For the Friday free screening in GFF’s ‘Rebel Heroes’ strand, the selected title was the Steve McQueen ‘action policier‘ Bullitt. I saw this film on release nearly 50 years ago and I’ve watched it a few times since on video. But I was up for another stab at the film on a big screen. All the previous archive films I’d seen at GFF were film prints in reasonable condition but Bullitt turned out to be what I assume to be a poor digital transfer to a DCP from a very dark 35mm original. As I remember the film, it offers a contrast between sunny exteriors and almost noir interiors. What we watched was just ‘dark’. I have a widescreen VHS video copy that would probably have looked better on the screen of GFT1. Since the catalogue listed this as coming from Park Circus (the company with most archive prints available in the UK) this is quite disturbing.
So, instead of settling down to simply enjoy the screening I was pushed into trying to find something new in the narrative to grab my attention. If by any strange chance you don’t know the plot of Bullitt, Steve McQueen is the titular hero who is assigned to protect a witness in San Francisco whose evidence could enable slimy politician Robert Vaughn to gain credibility before an election. Everything goes wrong and Bullitt needs to sort out the situation. The script is adapted from a novel by Robert L. Pike, Mute Witness (1963). What is surprising is that the film feels more like 1963 than 1968. Jacqueline Bisset is cruelly under-used as Bullitt’s girlfriend when an English beauty in mini-dresses driving a Porsche – and working as a designer in a large SF agency – might be considered as a major asset in the cast. The film’s score by Lalo Schifrin is very good and memorable but again it does it reflect the changing times? It’s worth thinking about The Graduate (1967) which I’ve argued is also a film that seems a little ‘out of time’ (apart from its soundtrack). Around the late 1960s Hollywood studios were beginning to think about how to attract and retain younger audiences with films that recognised the growing ‘alternative culture’. Easy Rider, when it arrived in 1969, gave the major studios something of a shock. The film I’ve always wanted to see, also set in San Francisco, is Richard Lester’s Petulia (1968) with Julie Christie. This doesn’t seem to get revived. In San Francisco in 1968 you might expect some evidence of the developing Haight Ashbury scene.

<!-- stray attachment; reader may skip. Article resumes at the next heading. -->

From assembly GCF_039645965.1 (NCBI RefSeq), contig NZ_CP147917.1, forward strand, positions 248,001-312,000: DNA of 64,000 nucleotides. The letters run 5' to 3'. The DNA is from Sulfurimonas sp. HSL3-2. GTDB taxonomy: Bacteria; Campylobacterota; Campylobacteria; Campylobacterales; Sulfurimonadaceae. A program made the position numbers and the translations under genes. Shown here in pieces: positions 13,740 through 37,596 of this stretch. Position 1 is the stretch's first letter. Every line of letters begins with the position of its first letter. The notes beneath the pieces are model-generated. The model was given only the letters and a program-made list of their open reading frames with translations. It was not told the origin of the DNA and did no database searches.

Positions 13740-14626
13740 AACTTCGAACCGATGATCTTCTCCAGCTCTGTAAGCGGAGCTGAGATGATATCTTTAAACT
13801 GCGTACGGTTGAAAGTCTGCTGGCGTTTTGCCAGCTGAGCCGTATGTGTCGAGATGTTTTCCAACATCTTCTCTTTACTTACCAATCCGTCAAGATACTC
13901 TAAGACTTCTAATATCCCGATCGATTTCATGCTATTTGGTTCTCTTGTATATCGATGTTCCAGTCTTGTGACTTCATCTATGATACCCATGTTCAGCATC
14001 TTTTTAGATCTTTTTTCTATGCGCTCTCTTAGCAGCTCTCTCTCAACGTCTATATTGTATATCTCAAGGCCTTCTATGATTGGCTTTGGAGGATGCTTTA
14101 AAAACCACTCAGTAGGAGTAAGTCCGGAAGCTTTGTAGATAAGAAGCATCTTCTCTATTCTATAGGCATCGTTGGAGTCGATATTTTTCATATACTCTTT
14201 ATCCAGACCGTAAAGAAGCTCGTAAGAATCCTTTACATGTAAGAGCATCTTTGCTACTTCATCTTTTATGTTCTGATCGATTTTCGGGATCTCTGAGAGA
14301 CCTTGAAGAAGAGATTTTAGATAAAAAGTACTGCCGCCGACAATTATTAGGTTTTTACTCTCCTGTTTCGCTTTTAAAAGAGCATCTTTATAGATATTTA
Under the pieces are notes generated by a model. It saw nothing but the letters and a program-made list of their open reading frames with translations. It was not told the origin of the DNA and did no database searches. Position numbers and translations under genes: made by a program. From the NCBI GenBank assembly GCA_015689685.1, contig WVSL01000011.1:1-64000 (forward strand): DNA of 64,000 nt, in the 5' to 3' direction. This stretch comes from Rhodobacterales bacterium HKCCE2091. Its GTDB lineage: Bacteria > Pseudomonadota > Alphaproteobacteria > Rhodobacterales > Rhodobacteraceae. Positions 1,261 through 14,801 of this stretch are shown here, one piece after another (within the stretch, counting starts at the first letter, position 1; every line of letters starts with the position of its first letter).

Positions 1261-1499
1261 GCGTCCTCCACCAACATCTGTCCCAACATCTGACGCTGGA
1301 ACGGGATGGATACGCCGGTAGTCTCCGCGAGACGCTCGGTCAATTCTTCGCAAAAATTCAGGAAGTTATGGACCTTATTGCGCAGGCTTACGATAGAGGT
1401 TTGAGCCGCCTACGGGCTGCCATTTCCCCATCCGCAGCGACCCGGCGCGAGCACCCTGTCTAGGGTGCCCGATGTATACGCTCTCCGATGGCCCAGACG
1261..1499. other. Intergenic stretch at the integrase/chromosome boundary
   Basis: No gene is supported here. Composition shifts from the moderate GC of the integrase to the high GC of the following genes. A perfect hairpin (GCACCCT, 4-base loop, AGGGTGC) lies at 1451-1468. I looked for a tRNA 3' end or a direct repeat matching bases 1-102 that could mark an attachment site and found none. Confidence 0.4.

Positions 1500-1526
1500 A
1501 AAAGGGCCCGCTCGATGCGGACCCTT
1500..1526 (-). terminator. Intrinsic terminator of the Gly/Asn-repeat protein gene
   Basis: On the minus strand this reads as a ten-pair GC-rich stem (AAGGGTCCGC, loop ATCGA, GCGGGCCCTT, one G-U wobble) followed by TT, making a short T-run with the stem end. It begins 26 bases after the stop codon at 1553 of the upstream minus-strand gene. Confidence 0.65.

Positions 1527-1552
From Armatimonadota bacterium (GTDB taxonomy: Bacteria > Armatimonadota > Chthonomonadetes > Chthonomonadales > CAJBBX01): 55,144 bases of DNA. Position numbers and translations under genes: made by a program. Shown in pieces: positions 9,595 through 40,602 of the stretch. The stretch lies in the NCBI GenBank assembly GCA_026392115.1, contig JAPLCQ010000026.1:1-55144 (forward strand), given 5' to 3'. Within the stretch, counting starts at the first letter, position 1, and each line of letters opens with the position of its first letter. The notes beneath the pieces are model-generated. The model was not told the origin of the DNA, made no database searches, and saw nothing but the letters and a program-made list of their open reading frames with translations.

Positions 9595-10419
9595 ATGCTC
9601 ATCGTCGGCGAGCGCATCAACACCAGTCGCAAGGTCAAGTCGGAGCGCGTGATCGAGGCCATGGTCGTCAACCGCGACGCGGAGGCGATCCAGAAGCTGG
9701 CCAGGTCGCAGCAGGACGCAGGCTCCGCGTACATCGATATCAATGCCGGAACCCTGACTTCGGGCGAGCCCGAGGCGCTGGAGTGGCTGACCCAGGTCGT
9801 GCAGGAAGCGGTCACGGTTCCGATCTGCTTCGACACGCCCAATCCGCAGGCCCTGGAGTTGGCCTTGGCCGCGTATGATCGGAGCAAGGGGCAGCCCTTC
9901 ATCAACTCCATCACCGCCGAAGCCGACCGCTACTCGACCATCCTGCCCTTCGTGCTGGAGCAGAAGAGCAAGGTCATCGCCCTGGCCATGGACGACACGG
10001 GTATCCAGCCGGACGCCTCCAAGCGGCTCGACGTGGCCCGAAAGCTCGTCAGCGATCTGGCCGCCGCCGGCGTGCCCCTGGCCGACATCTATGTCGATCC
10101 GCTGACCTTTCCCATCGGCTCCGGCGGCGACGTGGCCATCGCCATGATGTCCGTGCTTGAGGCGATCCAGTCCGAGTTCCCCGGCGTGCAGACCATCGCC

Alan Hunter in his introduction emphasised that it was McQueen’s own company Solar Productions who took up the rights and increased McQueen’s role while trying to keep the locations as ‘real’ as possible, enabling shooting in both a hospital and San Francisco airport. In the end, the film stands or falls on McQueen’s performance – and he’s still cool. The car chase at its centre is still exciting. There are also some enjoyable moments when Robert Vaughn finds his imperious commands thwarted by McQueen’s silent insolence and stubbornness. The British director of the film, Peter Yates, had just come from making Robbery (UK 1967) and IMDb informs me that he had been a professional racing driver. McQueen had chosen Yates and he certainly delivered the kind of film McQueen must have wanted. Bullitt is really a testosterone-fuelled police chase movie and though Bullitt gets his man it is at the expense of the collateral death of several others. Audiences have always enjoyed the car chases and McQueen’s star presence. It’s a pity the print didn’t allow us to see them both more clearly.